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Consistent Quantitative Trait Loci in Pea for Partial Resistance to Aphanomyces euteiches Isolates from the United States and France

November 2005 , Volume 95 , Number  11
Pages  1,287 - 1,293

M. L. Pilet-Nayel , F. J. Muehlbauer , R. J. McGee , J. M. Kraft , A. Baranger , C. J. Coyne

First and fifth authors: UMR INRA-AgroCampus Rennes, Amélioration des Plantes et Biotechnologies végétales, BP 35327, 35653 Le Rheu Cedex, France; second author: USDA-ARS Grain Legume Genetics and Physiology Research Unit, Washington State University, 303W Johnson Hall, Pullman, WA 99164; third author: Seneca Foods Corporation, Agricultural Research Department, 711 East Main Street, Dayton, WA 99328; fourth author: U.S. Department of Agriculture-Agricultural Research Service (USDA-ARS), 24106 N. Bunn Rd., Prosser, WA 99350 (retired); and sixth author: USDA-ARS Western Regional Plant Introduction Station, Washington State University, 59 Johnson Hall, Pullman, WA 99164

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Accepted for publication 2 June 2005.

Development of pea cultivars resistant to Aphanomyces root rot, the most destructive root disease of pea worldwide, is a major disease management objective. In a previous study of a mapping population of 127 recombinant inbred lines (RILs) derived from the cross ‘Puget’ (susceptible) × ‘90-2079’ (partially resistant), we identified seven genomic regions, including a major quantitative trait locus (QTL), Aph1, associated with partial resistance to Aphanomyces root rot in U.S. fields (21). The objective of the present study was to evaluate, in the same mapping population, the specificity versus consistency of Aphanomyces resistance QTL under two screening conditions (greenhouse and field, by comparison with the previous study) and with two isolates of Aphanomyces euteiches originating from the United States and France. The 127 RILs were evaluated in the greenhouse for resistance to pure culture isolates SP7 (United States) and Ae106 (France). Using the genetic map previously described, a total of 10 QTL were identified for resistance in greenhouse conditions to the two isolates. Among these were Aph1, Aph2, and Aph3, previously detected for partial field resistance in the United States. Aph1 and Aph3 were detected with both isolates and Aph2 with only the French isolate. Seven additional QTL were specifically detected with one of the two isolates and were not identified for partial field resistance in the United States. The consistency of the detected resistance QTL over two screening environments and isolates is discussed with regard to pathogen variability, and disease assessment and QTL detection methods. This study suggests the usefulness of three consistent QTL, Aph1, Aph2, and Aph3, for marker-assisted selection.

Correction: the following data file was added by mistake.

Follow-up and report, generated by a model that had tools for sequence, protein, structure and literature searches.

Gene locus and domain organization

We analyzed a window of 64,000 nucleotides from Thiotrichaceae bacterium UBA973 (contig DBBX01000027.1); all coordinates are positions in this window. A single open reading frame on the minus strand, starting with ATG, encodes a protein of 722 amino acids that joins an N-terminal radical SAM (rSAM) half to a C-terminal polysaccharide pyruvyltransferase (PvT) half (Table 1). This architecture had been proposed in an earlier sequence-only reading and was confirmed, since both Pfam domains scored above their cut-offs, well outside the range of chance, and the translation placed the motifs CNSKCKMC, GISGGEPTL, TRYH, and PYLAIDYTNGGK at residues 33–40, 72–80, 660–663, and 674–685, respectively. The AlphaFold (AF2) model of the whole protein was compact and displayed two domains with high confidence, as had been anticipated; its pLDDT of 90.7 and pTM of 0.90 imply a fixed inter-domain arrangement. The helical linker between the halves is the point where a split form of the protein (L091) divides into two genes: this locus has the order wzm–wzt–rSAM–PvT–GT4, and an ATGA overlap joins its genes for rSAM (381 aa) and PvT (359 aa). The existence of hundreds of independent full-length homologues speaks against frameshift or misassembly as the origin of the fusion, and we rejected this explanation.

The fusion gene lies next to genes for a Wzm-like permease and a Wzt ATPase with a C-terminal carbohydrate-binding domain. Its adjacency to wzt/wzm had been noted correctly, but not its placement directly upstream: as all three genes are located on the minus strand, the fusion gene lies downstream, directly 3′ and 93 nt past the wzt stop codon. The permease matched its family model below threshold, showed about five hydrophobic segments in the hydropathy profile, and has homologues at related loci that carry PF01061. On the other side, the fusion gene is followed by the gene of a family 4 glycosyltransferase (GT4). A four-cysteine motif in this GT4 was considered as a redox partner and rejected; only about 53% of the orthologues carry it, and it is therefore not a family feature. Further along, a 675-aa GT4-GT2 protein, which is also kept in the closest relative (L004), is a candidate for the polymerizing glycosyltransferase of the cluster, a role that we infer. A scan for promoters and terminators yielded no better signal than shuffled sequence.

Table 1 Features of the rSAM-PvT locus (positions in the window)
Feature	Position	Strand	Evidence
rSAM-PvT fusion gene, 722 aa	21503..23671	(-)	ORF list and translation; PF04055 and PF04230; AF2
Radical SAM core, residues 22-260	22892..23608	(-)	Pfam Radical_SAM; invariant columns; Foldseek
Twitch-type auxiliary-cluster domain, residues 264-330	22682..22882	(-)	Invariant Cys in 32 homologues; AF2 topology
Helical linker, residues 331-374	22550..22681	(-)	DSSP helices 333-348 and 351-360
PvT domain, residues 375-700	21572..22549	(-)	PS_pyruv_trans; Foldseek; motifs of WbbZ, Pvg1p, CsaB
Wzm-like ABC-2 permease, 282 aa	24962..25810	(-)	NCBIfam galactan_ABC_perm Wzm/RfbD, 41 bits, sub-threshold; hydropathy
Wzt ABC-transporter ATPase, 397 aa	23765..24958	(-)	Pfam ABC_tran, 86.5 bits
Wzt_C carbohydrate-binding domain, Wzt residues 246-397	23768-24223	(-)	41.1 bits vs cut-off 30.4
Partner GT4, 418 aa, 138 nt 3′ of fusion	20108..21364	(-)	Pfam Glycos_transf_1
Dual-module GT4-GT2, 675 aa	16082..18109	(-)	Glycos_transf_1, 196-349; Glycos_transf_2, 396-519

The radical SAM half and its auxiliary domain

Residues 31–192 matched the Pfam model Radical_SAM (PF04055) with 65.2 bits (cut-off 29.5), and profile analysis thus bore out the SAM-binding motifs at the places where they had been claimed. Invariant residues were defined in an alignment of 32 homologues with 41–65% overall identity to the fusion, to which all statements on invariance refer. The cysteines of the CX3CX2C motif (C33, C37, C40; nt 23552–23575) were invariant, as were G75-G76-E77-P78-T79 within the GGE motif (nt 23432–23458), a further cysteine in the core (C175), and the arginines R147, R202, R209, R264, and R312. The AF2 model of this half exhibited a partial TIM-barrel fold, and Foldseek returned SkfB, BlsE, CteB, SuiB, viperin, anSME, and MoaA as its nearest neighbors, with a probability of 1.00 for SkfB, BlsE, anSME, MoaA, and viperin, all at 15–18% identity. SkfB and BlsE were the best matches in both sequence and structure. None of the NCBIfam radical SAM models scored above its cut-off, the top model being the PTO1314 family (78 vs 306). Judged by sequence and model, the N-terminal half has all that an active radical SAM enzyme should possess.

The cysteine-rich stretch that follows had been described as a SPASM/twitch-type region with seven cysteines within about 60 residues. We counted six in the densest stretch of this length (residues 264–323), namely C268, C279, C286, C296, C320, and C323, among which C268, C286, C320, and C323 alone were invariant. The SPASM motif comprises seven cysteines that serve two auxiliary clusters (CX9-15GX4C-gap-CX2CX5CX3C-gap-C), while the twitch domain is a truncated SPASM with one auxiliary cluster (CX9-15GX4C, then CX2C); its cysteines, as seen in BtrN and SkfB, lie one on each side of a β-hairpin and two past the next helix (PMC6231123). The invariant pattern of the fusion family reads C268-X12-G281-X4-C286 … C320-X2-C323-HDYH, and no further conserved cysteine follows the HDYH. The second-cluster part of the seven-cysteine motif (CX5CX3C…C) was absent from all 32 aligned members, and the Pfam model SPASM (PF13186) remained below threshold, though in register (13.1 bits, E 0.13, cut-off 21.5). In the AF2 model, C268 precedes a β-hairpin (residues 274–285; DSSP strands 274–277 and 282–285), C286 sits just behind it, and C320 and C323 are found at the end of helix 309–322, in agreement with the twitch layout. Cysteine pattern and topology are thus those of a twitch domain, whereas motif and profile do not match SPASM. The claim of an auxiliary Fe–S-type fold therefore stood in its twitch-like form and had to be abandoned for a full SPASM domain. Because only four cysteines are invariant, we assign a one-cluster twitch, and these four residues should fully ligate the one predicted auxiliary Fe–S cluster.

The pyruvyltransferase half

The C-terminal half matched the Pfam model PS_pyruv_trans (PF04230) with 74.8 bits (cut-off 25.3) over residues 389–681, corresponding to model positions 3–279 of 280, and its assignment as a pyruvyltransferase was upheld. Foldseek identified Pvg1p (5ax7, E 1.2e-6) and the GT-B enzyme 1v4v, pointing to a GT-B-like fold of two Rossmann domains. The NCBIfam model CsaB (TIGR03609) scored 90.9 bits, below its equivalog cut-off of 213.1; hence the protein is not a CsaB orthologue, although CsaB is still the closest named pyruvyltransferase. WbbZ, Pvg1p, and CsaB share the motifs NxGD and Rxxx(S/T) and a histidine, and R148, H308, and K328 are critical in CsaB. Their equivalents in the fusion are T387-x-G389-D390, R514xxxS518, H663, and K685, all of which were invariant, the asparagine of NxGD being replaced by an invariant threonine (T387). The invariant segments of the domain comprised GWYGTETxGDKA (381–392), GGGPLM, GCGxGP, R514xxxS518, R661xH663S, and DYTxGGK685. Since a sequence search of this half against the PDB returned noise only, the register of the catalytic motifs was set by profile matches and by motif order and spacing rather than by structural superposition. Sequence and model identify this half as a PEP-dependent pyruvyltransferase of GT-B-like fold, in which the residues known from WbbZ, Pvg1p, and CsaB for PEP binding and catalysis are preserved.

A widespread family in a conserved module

Additional keywords: Pisum sativum .

© 2005 The American Phytopathological Society